The Lost Space Ship – the Land Is Gone Forever [analysis]

CORRUPTION and confusion are perhaps two aspects that best define the land ‘reform’ process in Namibia today.

After a good 25 years since we got our independence, we are totally directionless with regards to addressing the land question. Our first step was taken in June 1991 when the National Land Conference was held to discuss what now has become a controversial issue. At that conference there were a number of commissions and omissions.

The conference, which was well-attended, reached a measure of consensus on the issue of land reformdistribution. The main resolution, which is now haunting us, was that any re-distribution would be on a compensatory ‘willing sellerwilling buyer’ basis.

The second one was that there would be no recognition of ancestral land claims (no restitution). This rather weird recommendation was premised on two conflicting assumptions. No one lost land or we all lost land and secondly, no one will remember where our ancestors used to live.

The conference also touched on issues such as absentee landlords, farm sizes and numbers, and land tenure regime. It also touched on foreign ownership of land in the country.

Now read this headline in New Era newspaper of February 2015, “Cabinet studies foreign land ownership in Namibia”.

The article says: “Cabinet is hard at work to complete a report in which it will outline the way forward regarding the much awaited legislation on foreigners owning land in Namibia”.

After a good 24 years since the 1991 conference, there is still no policy on this very sensitive issue. This is now after the fact and whatever is decided on foreign ownership is going to be a hot potato.

Now while they are busy debating on what to do take this headline in last year’s The Namibian newspaper: “Russian land baron to invest N$600m.” This ‘investment’ is earmarked for the Marula Game Ranch and would involve buying a number of farms for this purpose. And it is said that N$300m had been invested in phase one already. But what was conspicuously missing from the 1991 conference was the issue of urban land. This was in my view, a very unfortunate omission.

And as it stands now, no one has a solution to the urban land issue because people are pulling in different directions – especially the various confused municipalities and the land-hungry activists such as the Affirmative Repositioning movement.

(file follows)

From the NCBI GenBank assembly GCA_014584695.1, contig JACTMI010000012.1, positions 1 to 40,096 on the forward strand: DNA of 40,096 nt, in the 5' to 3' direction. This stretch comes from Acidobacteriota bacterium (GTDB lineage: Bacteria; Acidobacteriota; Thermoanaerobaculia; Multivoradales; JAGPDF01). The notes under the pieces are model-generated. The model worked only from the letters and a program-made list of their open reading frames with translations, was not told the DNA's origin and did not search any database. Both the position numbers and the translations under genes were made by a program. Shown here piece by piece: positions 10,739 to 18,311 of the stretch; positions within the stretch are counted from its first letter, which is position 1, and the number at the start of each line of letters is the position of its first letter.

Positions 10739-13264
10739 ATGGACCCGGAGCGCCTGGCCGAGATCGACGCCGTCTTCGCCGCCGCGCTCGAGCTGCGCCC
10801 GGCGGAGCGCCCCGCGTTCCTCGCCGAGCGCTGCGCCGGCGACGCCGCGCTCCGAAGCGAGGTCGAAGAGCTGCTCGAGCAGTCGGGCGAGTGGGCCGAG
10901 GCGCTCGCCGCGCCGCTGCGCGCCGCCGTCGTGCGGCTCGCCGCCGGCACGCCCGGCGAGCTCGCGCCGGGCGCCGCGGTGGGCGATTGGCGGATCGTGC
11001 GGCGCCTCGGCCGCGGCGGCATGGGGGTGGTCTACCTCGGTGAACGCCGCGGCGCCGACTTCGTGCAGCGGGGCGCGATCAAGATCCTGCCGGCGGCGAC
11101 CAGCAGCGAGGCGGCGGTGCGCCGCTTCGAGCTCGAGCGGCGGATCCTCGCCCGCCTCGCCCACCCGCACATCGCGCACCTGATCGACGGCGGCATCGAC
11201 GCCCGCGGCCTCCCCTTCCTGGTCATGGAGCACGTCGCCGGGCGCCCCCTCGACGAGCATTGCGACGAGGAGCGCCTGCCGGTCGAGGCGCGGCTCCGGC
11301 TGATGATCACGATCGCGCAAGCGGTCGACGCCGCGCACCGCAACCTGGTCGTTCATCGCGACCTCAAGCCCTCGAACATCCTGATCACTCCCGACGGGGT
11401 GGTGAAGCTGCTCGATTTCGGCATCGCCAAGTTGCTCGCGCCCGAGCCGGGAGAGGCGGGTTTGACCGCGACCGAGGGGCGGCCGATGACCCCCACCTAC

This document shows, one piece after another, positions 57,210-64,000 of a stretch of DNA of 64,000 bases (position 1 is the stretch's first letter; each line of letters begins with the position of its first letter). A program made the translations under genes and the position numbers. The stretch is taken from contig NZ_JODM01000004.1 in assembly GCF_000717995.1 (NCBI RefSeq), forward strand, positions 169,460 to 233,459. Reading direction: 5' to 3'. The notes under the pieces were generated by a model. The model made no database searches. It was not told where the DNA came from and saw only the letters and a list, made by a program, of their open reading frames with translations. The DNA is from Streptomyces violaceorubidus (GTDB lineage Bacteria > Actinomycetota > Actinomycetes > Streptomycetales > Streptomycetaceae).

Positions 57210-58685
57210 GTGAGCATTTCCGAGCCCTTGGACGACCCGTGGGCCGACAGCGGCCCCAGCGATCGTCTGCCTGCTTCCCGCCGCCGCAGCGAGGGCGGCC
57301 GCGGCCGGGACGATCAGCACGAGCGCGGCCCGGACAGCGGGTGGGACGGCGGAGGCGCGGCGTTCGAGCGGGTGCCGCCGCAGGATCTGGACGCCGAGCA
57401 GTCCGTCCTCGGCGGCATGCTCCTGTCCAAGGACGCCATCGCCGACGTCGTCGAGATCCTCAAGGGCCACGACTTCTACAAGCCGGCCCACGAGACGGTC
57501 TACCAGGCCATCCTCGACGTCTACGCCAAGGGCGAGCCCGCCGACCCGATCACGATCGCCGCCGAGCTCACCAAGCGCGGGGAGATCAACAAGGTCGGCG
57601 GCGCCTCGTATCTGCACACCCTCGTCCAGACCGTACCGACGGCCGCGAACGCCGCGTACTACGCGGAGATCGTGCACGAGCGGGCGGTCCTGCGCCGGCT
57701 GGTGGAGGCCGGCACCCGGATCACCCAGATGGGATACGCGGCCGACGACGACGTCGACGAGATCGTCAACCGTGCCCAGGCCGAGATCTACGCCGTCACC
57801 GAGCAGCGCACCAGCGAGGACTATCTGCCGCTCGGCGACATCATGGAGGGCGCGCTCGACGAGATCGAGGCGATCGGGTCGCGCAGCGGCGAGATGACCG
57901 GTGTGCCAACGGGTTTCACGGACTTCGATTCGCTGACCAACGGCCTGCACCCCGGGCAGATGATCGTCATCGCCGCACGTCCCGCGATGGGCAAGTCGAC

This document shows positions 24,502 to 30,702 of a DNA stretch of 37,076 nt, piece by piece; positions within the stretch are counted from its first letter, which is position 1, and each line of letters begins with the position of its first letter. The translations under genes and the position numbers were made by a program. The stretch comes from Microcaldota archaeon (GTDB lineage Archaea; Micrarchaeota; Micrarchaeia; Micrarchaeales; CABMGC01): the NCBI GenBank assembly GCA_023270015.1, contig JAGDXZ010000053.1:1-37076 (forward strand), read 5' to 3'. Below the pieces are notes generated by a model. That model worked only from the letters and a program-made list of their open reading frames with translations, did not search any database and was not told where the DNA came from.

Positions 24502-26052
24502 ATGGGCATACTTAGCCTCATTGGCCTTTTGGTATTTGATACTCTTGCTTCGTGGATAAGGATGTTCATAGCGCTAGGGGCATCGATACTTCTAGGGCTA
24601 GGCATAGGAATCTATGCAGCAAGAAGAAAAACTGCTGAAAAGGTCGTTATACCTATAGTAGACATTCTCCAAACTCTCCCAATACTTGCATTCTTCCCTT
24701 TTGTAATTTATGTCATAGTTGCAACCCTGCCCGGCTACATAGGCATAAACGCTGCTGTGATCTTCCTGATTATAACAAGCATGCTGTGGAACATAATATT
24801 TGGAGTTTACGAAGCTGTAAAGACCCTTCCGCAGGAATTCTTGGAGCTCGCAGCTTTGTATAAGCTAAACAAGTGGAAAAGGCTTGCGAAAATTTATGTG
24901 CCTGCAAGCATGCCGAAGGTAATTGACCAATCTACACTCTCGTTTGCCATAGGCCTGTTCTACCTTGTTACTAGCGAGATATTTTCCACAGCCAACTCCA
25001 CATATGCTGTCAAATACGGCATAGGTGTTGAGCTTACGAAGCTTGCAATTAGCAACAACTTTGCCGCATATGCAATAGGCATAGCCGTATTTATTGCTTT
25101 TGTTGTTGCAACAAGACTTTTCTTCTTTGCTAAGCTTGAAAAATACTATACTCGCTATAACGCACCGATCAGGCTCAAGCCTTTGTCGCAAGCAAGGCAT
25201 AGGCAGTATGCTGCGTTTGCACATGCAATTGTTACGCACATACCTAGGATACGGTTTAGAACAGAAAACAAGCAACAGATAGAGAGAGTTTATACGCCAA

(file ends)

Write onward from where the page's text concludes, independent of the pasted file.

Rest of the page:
We should also not forget the ministry of land reform has had four different ministers – Hifikepunye Pohamba, Jerry Ekandjo, Pendukeni Ivula-Ithana, Alpheus !Naruseb and now has a fifth one, Utoni Nujoma. This is in addition to their deputies and PSes. They all did not seem to have a solution to the land question.

Recently, the Henties Bay municipality gave a number of plots to the youth under the Affirmative Repositioning banner. After this good news for the youth, Swapo stepped in to stop the move. A screaming headline in The Namibian: “Follow Swapo land policy.”

Does Swapo now have its own land policy different from that of the country? If they do, then they must inform the nation of it because Swapo is, after-all, the ruling party. When celebrities buy prime land in cities for a song or given it free like Sam Nujoma who was given free prime land in Walvis Bay, Windhoek and elsewhere, no one dares raise a finger.

The same Nujoma who got free land is now against the youth getting land by calling them all sorts of names like they are disrespectful, provocative, disturbing and inciting violence in order to destabilise the country.

Now tell me what the difference between the so-called ‘land grabbers’ and those who fence off land in the communal areas – totally against the Communal Land Act is? And some of those who have been fencing off land in communal land include high ranking government officials – the Tjekero Tweyas, the Usko Nghaamwas, and the Hifikepunye Pohambas of this world, among others.

Nujoma was the President of this country for 15 years and did nothing to resolve the land question, so he cannot come back and still talk about the land issue. And then comes in Pohamba. In an article that appeared in New Era when he was still the President, he is quoted as saying: “Since people have no land they have no means of production (I would add and no means of building their own houses). Then he goes on to say: “We need to amend the Constitution otherwise we will face a revolution, and if that happens land will be taken over by the revolutionaries.”

All these are coming from someone who was a former lands minister himself.

Let us be realistic on the land question. We have failed dismally either because those who were or are supposed to drive the process have no understanding of the complexity of the land question and how to reformsolve it. Or I’m inclined to believe that all the talk of ‘we fought for the land” is just palpable lies to serve a very few.

We were fighting a repressive political order that is colonialism and apartheid but clearly not the economic system on which apartheid rested, including the very land tenure regime we are so religiously upholding.

Source : The Namibian